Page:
This is then followed by our text.

Critobulus is a writer new to me, but a German edition exists: Critobuli Imbriotae historiae (Corpus Fontium Historiae Byzantinae 22), De Gruyter (1983). Incredibly these muppets printed it without a translation, presumably to show how clever they were.  Of course the rest of us know that anyone can print a text; if you have to write a translation, you do have to work out what the words mean! Apparently the autograph ms. exists in the library of the Seraglio in Istanbul.  It seems that C. Muller was the first to print it in part 1 of vol. 5 of Fragmenta Historicorum Graecorum, 1870, p.40 f.  This is online and can be consulted, but again is Greek only.

A further search on the snippet view reveals that “op.cit.” means A History of the Deeds of Mohammed II.  Critobulus of Imbros was, it seems, a renegade who converted to Islam. 

Likewise I find that “Guerdan and Halliday” means Byzantium: its triumphs and tragedy, by R. Guerdan, trans. by D. L. B. Halliday, Allen and Unwin (1954). 

Further searches reveals that a translation does exist of the source text: Charles T. Riggs, Michael Critobulus (Kritovoulos), History of Mehmed the Conqueror, Princeton (1954).  It would be nice to check the above against this, and see to what extent it is accurate.  Because the subject is a politically loaded one, it needs to be checked carefully.  I’ve ordered a copy of the Riggs translation by ILL, and we will see!


10 thoughts on “The sack of Constantinople in 1453

  1. Salam. may i know if Barbaro says that Christians attacked the city too? I read this in an eyewitness account somewhere (wasnt cited). Text copy pasted below:

    “First came the irregulars, an unreliable, multinational crowd of Christians and Moslems, who were attracted by the opportunity of enriching themselves by looting the great city, the last capital of the Roman Empire… ”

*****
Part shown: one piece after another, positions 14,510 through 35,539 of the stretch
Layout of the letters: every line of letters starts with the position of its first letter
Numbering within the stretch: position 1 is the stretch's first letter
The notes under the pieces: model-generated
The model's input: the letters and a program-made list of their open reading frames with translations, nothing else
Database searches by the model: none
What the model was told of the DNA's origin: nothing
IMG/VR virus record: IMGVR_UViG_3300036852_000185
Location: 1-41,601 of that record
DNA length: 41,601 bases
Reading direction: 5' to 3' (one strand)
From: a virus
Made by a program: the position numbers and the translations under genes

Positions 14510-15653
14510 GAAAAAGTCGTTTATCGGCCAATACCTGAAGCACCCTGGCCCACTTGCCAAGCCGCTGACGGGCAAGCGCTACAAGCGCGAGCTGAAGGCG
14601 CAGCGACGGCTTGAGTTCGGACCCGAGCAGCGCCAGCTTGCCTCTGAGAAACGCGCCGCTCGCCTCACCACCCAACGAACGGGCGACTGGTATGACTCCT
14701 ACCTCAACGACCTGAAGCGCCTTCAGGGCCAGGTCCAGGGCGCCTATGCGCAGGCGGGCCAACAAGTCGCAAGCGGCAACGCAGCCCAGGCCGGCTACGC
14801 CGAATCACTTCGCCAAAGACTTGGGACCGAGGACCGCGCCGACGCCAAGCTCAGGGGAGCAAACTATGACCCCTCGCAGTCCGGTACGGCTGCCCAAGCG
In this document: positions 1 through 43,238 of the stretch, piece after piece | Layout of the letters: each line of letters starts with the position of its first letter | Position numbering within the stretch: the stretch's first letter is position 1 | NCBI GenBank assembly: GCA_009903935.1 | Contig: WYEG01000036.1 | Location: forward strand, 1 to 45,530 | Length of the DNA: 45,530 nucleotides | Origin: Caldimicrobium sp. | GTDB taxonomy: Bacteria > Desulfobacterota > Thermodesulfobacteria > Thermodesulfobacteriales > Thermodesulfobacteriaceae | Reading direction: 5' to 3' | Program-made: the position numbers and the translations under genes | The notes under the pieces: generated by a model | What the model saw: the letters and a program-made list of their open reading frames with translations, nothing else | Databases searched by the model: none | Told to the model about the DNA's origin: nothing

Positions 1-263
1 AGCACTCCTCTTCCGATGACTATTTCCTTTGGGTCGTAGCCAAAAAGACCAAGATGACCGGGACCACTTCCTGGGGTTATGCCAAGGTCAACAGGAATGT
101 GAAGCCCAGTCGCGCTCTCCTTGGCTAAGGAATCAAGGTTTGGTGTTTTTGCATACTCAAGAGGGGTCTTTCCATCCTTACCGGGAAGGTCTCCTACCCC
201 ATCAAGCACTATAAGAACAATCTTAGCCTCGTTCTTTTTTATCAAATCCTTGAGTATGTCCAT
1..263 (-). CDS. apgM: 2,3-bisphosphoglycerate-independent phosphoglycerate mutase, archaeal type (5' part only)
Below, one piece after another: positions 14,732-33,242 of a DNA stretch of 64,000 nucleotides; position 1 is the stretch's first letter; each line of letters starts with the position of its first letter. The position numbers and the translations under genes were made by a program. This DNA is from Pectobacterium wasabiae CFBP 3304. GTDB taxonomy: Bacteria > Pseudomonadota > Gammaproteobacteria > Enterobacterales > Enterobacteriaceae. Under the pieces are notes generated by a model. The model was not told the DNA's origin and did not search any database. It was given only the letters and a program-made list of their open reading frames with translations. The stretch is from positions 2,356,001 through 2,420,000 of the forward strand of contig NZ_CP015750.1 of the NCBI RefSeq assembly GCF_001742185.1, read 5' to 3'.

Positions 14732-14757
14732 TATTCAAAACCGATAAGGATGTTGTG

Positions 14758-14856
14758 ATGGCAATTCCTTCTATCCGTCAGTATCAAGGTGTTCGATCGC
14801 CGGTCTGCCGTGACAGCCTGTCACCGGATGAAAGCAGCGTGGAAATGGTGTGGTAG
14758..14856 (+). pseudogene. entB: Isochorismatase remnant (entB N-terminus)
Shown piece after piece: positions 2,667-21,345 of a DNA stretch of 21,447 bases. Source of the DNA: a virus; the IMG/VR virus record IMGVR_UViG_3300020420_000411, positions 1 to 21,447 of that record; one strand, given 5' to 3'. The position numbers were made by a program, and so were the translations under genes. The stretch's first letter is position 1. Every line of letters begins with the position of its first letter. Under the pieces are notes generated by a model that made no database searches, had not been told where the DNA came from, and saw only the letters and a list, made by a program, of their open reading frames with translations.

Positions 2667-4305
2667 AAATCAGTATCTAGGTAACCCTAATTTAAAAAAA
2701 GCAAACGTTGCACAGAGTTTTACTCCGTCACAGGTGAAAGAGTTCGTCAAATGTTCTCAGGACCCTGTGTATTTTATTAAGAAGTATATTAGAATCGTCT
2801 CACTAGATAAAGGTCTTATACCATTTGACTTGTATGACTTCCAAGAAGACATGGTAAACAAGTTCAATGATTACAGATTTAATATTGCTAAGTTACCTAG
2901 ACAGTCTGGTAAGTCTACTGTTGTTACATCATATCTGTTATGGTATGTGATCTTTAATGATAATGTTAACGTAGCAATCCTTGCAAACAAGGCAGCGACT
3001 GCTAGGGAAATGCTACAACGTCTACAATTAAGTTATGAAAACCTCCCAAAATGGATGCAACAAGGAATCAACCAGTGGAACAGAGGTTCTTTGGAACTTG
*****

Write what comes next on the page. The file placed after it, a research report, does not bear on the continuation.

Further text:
this even shows some results on google. can you find out exactly who wrote this, in which book, on what page, and if it is authentic? if this is true, does it not somewhat negate the notion of a clash between Islam and Christianity. while the clash was certainly present, dont details like these show that christians themselves were divided and many soldiers were fighting only for private gain?

  2. Interesting question. I’m away from home, but will look at this when I get back.

    Every army has its renegades. Not sure as to the larger question; whether this would really influence the Islam vs Christianity issue. Will consider it.

  3. The phrase “First came the irregulars, an unreliable, multinational crowd of Christians and Muslims” appears in David J. Jonsson, “The clash of ideologies”, 2005, p.405. There is a Google Books preview here.

    This is not an eyewitness account, but rather the words of Jonsson.

    I can’t say whether this modern account is accurate or not.

    As for the question of whether the employment of gangs of ruffians of all religions and none by the Turks means that this was not an “Islam vs Christianity” moment … well, I don’t think it matters a bit either way. Why should it?

    The actions of the Turks on conquering the city indicate that religion was part of their motives. The conversion of churches into mosques and the demolition of the Church of the Holy Apostles is enough to show that.

  4. Hi there,
    I have bumped into this Routh, C. R. N. They Saw It Happen in Europe 1450-1600 (1965). Have you discovered something new about it?



  5. The quotation with which the post starts does not seem to be a translation of Critobulos. I’ve just posted the relevant sections of the Riggs translation of Critobulos here.

    I would guess that it is the 1954 words of Guerdan and Halliday, paraphrasing what Critobulos says, but I have no access to that book.